Sunday, June 16, 2013

THE SUMMER QUEEN: Behind the scenes 9: The Research Books.

I have a huge library of research books. You can see some of them here - it needs updating with more when I have an hour to spare! My Reference Books

On my Behind the Scenes post today though,  I want to post just a few of the research books I used in writing THE SUMMER QUEEN.  I hope you'll enjoy them!

REFERENCE BOOKS USED IN THE RESEARCHING THE SUMMER QUEEN - Not in any order of preference.  Marked with 3 stars are the most interesting and/or useful, then 2, then 1. Bools marked with a question mark are ones I would advise the reader to use with caution and check up on the facts via more reliable sources. The more question marks, the more caution required!

***  'Travel Diary of the 2nd Crusade as
far as Antioch.  Primary source







** *


















Wednesday, June 12, 2013

THE SUMMER QUEEN Behind the Scenes 7

A Scarlet Woman!

Today's THE SUMMER QUEEN behind the scenes snippet is a bit shorter and less ferocious on dates and times than yesterday's.  However, it's an example of how the background research continues to contribute to the overall picture of daily life and the imagery portrayed. 

Biographers tells us that Eleanor was married in a scarlet dress. But that doesn't necessarily mean she went to her wedding dressed in red, and in THE SUMMER QUEEN, her gown is soft gold as per the Akashics.

Scarlet was a cloth, not a colour. It was a heavy weight woollen cloth of exceptionally fine weave and was the European counterpart to oriental silks. Top notch. Although frequently dyed a rich red, it came in a wide variety of colours - including blue, brown, gold (the colour not the metal) green, murrey (sludgy purplish colour) and white.  

The word 'scarlet' may have come from the Arabic 'siklat' which is a word for silk textiles,  and you will find this explanation on Wikipedia, but it may also have come from the Germanic word 'scaerlaken' which is connected with shearing and may be a reference to the cloth's nap.  The latter sounds very plausible indeed.  Whatever the origin, everyone in Europe used their country's variation of the word to describe the same cloth.

Tuesday, June 11, 2013

THE SUMMER QUEEN Behind the scenes part 6. Petronella


Nothing is ever simple when it comes to researching Eleanor of Aquitaine. her family and her affiliations. One of the secondary characters in THE SUMMER QUEEN, is Alienor’s sister Petronella (except sometimes she is not called Petronella but Ailith)  who has proven fascinating but frustrating to research.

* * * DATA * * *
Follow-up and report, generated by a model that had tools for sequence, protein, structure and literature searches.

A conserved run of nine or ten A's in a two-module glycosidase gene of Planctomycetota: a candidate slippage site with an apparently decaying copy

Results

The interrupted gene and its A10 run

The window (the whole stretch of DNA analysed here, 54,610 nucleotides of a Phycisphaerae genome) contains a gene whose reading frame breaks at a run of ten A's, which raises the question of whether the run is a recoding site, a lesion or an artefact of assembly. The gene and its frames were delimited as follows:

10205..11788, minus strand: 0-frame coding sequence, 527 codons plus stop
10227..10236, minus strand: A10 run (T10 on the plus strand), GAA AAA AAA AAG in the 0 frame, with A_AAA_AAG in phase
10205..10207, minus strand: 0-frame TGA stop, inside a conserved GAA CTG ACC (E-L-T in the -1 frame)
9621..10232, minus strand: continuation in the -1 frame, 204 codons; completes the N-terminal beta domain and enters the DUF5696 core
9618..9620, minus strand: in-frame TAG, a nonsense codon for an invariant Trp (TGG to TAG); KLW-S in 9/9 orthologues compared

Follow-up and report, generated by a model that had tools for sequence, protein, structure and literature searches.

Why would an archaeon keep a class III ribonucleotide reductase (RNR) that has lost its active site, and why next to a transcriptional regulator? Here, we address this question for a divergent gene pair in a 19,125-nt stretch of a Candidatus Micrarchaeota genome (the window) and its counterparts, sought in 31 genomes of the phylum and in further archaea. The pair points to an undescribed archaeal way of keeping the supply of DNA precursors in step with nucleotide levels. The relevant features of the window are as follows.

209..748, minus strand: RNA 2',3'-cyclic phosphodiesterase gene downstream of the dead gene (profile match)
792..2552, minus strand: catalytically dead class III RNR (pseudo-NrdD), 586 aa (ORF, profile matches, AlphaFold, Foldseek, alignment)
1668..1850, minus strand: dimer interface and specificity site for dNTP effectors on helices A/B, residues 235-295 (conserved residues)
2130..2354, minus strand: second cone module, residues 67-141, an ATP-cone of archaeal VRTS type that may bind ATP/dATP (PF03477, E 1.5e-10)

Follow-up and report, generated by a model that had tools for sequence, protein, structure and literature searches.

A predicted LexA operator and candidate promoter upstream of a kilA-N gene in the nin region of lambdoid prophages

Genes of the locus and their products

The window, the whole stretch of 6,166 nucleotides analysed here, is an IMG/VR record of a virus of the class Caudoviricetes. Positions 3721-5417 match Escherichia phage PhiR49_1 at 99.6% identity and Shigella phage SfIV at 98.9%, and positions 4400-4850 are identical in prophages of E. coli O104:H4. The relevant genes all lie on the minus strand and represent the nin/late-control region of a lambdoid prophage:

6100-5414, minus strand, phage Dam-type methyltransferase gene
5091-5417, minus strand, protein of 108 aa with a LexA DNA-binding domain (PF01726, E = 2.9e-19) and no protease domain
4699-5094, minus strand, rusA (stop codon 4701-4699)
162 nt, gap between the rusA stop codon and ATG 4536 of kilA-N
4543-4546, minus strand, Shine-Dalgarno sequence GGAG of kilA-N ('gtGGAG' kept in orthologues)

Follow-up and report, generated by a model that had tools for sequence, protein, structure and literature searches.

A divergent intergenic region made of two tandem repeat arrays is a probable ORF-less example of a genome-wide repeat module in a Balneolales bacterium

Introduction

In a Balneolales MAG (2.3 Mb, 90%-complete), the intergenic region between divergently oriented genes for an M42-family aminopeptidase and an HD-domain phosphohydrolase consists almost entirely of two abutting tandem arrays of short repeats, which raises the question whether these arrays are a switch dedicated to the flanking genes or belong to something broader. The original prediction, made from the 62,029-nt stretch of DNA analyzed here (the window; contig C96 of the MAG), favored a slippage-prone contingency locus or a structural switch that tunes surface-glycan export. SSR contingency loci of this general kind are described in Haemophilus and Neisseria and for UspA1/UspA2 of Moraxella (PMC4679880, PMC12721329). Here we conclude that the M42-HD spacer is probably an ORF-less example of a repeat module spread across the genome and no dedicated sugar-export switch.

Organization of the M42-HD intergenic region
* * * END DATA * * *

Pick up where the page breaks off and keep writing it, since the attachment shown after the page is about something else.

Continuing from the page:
If Alienor’s birth date of 1124 took some digging, then Petronella’s proved totally elusive. All that can be said is that if Alienor was born in 1124, then Petronella was a younger sibling.  We know their mother died in 1130 and that Petronella was old enough to be involved in a sexual relationship by 1141, and that she bore a child circa 1143/44.  It seems therefore likely that she was born fairly close to Eleanor, perhaps in 1125 or 1126. However, we have no birth date for their brother William Aigret, who died around the same time as their mother in 1130. Some biographers say he was first born, others that Eleanor was first born. (here we go again with the biographies not being reliable in their evidence) No one seems to know, and William’s birth order may have affected the dating of Petronella's birth. Still, in the great scheme of things, it’s a minor conundrum.

With regard to Petronella's alternative name, I do wonder if she was baptised Aelith but known as Petronella. Perhaps because her birth date was close to the feast of St. Petronella on the 31st of May, and perhaps because St. Petronella had associations with Charlemagne from whom she and Eleanor claimed descent.  It may also be telling that the cathedral in Poitiers is dedicated to St Peter, who seems to have loomed large in the lives of the Dukes of Aquitaine and Petronella is the feminine form of the name. Or of course, she could have been baptised  Petronella.and called Ailith.  Or Eleanor may have had two sisters – perhaps Aelith was illegitimate. The mention of Ailith comes from existing documentation concerned with the Abbey of St Mary of Saintes.  Perhaps Aelith was a nun?  I don’t know.  I feel probably not, but it is still there as a consideration when pondering all the possibilities. 

Here is a letter from 1140 naming the sister known as Aelith.  It’s also interesting to see ‘Eleanor’ rendered in Medieval Latin.  I have bolded Aelith’s name in the text.

Original letter:
1140, December 28
Ego Helienordis, Francorum regina, et Willelmi ducis Aquitanici filia, hoc donum, sicut rex vir meus concessit Beate Marie Xancton[ensi] ecclesie, sic concessi et hujus [sign of cross] impressione confirmavi, et in perpetuo habendum Sancte Marie et Agneti amite mee ejusdem loci abbatisse, et omnibus ejus successoribus in eadem die, non in eodem loco, confirmavi; videntibus Aienrico de Niela, Aelithsorore mea, Maengo de Bono Occulo, Arveo panetario, et pluribus aliis.

Translated letter:
I Eleanor, queen of the Franks, and daughter of William duke of Aquitaine, have granted and confirmed by this mark, the gift as the king my husband granted it to the church of Blessed Mary of Saintes, to be held in perpetuity by St. Mary and Agnes, my aunt, abbess of that place, and all her successors, I confirmed it on the same day not in the same place: with witnesses Aienric (Henry?) of Niela, Aelith my sister, Maengo of Bono Occulo, Arveo my steward, and many others.

We do know that in 1142, Petronella, then in her early or mid teens, began an affair with King Louis’ much older, war-scarred second cousin, Ralph of Vermandois.  He had lost an eye in a siege, when struck by an arrow, but as well as being a warrior, he was a valued and experienced courtier.  He also had a reputation for liking the ladies.  Chronicler John of Salisbury tells us that even when ordered to abstain from intercourse by his doctors, he paid them no heed because he was ‘very uxorius’.  He was married to one Leonora. Some biographers say she was the niece of Count Theobald of Blois (Ralph Turner, Douglas Boyd, Marion Meade, Desmond Seward, Marjorie Chibnall, Amy Kelly)  some say his sister (Alison Weir, Wikipedia) and some say first cousin (Ivan Goubry). You see what I’m up against when researching?